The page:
Wednesday, 26 February 2014

Research Corner #5: WW1 Reading Pt 2

As promised, I've been plowing on with the To End All Wars research, and not only that but I've been drifting into some decidedly odd waters, not to mention finding an excellent excuse to catch up with some of the TV watching I've missed these last few years.  Without further ado...

Death's Men by Denis Winter

Probably the best of the non-fiction books I've read, and certainly the best of the non-fiction books I've read that deal specifically with the war, Winters' text is a perfect combination of authorial presence and carefully selected first-hand material; as an author he often drops away entirely from his own text, before bouncing back with such a wonderfully judged observation that you want to hug him for it.  More often, though, I found myself being tremendously grateful for his being the one author who didn't at least passingly assume that I'd actually served through the First World War and was just refreshing my memory.  For a work of such depth, it's nothing short of amazing that he thought to cover such necessary basics as the make-up of British army units and just exactly how a trench was supposed to be built.

Complete Memoirs of George Sherston by Siegfried Sassoon

Complete on this occasion meaning three volumes and some six hundred pages, and its worth pointing out that the first of those volumes has barely a  thing to do with the war but an awful lot to do with Sassoon's interest in fox hunting and, to a lesser extent, cricket.  So if I tell you that there are no two subjects on earth I less want to know about, and then that I'm really glad I stuck with this, you'll perhaps get a sense of what an interesting, charming and - I think the precise word I'm looking for is companionable - writer Sassoon is.  He's just an entertaining guy to spend time with is what I'm saying, and his memoirs are a fascinating insight into first a vanished way of life and then the war that eradicated it.

Of course, if you're only interested in the war then it's possibly advisable to skip that first volume, although I can't help thinking you'd lose a lot of Sassoon's thematic curve by doing so.  (Of course, it's equally possible I'm only saying that because I suffered through it and so you should too.)

A Nurse at the Front: The First World War Diaries of Sister Edith Appleton, ed. by Ruth Cowen

Diaries are a mixed bag when it comes to source material, what with that natural human inclination to write about any old rubbish when they think no one's looking, but Edith Appleton was good enough to produce exactly the sort of diary that people find interesting and useful a century later.  She offers a terrific insight into WW1 nursing, into the war itself, and perhaps best of all, into the psychology of just what it was like to endure the almost unimaginable horror that she lived through and tried, with a startling amount of human decency, to mend in whatever ways she could.  And, unlike the last war diary I read, this one is accompanied by plenty of footnotes, photos and supplementary material to go some way towards justifying the price tag.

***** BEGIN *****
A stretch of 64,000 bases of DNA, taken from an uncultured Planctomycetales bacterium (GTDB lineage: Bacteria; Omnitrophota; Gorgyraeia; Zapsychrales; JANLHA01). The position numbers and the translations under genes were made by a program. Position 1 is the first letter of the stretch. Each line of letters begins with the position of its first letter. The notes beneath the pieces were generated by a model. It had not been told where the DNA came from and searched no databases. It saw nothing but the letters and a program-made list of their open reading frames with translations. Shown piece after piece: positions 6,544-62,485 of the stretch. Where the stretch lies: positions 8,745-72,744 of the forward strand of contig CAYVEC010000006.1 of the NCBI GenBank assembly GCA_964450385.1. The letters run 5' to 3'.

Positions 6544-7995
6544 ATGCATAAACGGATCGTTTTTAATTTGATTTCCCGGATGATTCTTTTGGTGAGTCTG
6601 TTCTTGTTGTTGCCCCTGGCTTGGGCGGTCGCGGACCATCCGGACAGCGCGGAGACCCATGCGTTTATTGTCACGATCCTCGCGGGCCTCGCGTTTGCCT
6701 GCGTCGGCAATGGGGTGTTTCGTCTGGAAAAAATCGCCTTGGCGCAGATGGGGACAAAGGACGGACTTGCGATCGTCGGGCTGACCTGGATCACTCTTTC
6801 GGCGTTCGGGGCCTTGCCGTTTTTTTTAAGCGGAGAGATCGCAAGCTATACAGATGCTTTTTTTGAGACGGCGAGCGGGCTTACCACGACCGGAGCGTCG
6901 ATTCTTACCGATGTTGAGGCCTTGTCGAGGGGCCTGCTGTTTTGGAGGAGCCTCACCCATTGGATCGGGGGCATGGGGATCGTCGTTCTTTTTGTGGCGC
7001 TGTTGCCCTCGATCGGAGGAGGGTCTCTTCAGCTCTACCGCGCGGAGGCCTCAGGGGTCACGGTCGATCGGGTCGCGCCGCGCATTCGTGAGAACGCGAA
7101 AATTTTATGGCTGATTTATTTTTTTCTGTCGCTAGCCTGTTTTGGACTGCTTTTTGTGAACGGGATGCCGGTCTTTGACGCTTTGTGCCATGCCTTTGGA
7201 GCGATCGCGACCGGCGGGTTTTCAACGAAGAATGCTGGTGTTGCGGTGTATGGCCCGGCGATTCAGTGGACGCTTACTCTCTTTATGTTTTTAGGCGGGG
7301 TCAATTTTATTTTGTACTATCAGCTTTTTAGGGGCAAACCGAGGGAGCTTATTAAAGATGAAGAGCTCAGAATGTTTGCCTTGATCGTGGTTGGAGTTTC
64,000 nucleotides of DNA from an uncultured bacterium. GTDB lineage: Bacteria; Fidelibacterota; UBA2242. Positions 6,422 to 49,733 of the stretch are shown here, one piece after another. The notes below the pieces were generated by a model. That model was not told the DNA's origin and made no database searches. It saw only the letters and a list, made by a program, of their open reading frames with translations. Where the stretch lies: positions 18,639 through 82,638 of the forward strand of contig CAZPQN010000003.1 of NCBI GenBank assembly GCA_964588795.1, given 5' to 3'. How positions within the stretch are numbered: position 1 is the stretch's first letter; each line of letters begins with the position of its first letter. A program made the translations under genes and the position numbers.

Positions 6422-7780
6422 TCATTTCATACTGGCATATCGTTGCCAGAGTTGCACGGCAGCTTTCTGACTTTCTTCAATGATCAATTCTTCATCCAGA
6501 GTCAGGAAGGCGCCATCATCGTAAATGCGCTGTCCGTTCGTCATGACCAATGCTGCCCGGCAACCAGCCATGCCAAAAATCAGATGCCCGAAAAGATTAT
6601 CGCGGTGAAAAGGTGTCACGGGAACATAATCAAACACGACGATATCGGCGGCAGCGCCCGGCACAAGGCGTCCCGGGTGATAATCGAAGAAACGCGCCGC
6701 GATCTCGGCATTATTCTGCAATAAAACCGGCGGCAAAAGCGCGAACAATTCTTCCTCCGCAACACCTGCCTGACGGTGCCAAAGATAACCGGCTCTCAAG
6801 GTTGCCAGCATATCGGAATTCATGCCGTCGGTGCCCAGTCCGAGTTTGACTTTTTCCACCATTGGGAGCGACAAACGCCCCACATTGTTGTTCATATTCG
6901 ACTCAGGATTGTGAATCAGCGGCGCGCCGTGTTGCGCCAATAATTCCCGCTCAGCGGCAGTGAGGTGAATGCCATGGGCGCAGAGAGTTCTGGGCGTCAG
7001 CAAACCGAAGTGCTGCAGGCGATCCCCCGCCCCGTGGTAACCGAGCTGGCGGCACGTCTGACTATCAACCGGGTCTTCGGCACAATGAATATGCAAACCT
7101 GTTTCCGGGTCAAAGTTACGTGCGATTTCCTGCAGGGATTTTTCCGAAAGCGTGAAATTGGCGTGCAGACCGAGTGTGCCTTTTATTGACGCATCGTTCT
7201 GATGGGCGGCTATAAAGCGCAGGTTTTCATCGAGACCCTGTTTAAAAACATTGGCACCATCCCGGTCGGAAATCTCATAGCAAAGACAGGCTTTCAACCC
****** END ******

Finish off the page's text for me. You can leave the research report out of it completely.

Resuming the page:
Downton Abbey Series 1

It was actually season 2 I wanted to watch, the bits where Downton gets turned into an officers' convalescence home being too perfectly suited to my needs to miss, but it seemed masochistic not to work my way up to that point via series 1 - and I'm glad I did.  Sure, I have some bones to pick with Julian Fellowes's attempt to convince us all that early-C20th toffs were damnably lovely people and that early-C20th servants were treated with decency and respect rather than, say, cruelty and contempt, but you know what?  This is still great telly, with superb production values.  And as a whistlestop tour of the years leading up to the outbreak of the war, it was actually quite a help from a research point of view as well. 

But say what you like about it, it still wasn't a patch on...


...which, as someone who doesn't watch a great deal of TV, was pretty much a revelation.  Seriously. is this what they're doing these days?  Making subtle, challenging three hour programs with the production values of a mid-sized Hollywood production.  Things sure have come on a long way since Byker Grove, that's for sure.

Oh god, I feel old now. 

Anyway, I've no idea how this holds up against the book, which I guess I probably should read, but regardless I enjoyed the hell out of it.  Nice, too, that they didn't try to sugarcoat the blood and guts (as I'll surely be bitching about Downton Abbey Season 2 doing in the next of these posts.)  Just a shame about the shonky CGI battlefields, but you can't have it all...

Conflict and Dreams by W. H. R. Rivers

Yes, that W. H. R. Rivers!  The dude who treated Siegfried Sassoon!  Like what happened in Regeneration!  They even made a movie of it and everything!

So anyway, I said the research was taking me down some odd avenues, and this is indeed a book of essays on the psychology of dreams (with, unsurprisingly, an emphasis on conflict.)  As such, not an easy one to recommend to the casual reader, and you'll probably have to take my word for it when I say that it was actually really fascinating.

On a side note, this whole research binge is making me more and more cynical about the publishing industry, since (as you can tell from that "we're just not even pretending to try" cover) this is blatantly a public domain essay print-on-demanded into life and then slapped with a seven pound price tag.  But maybe that's a moan for another time...

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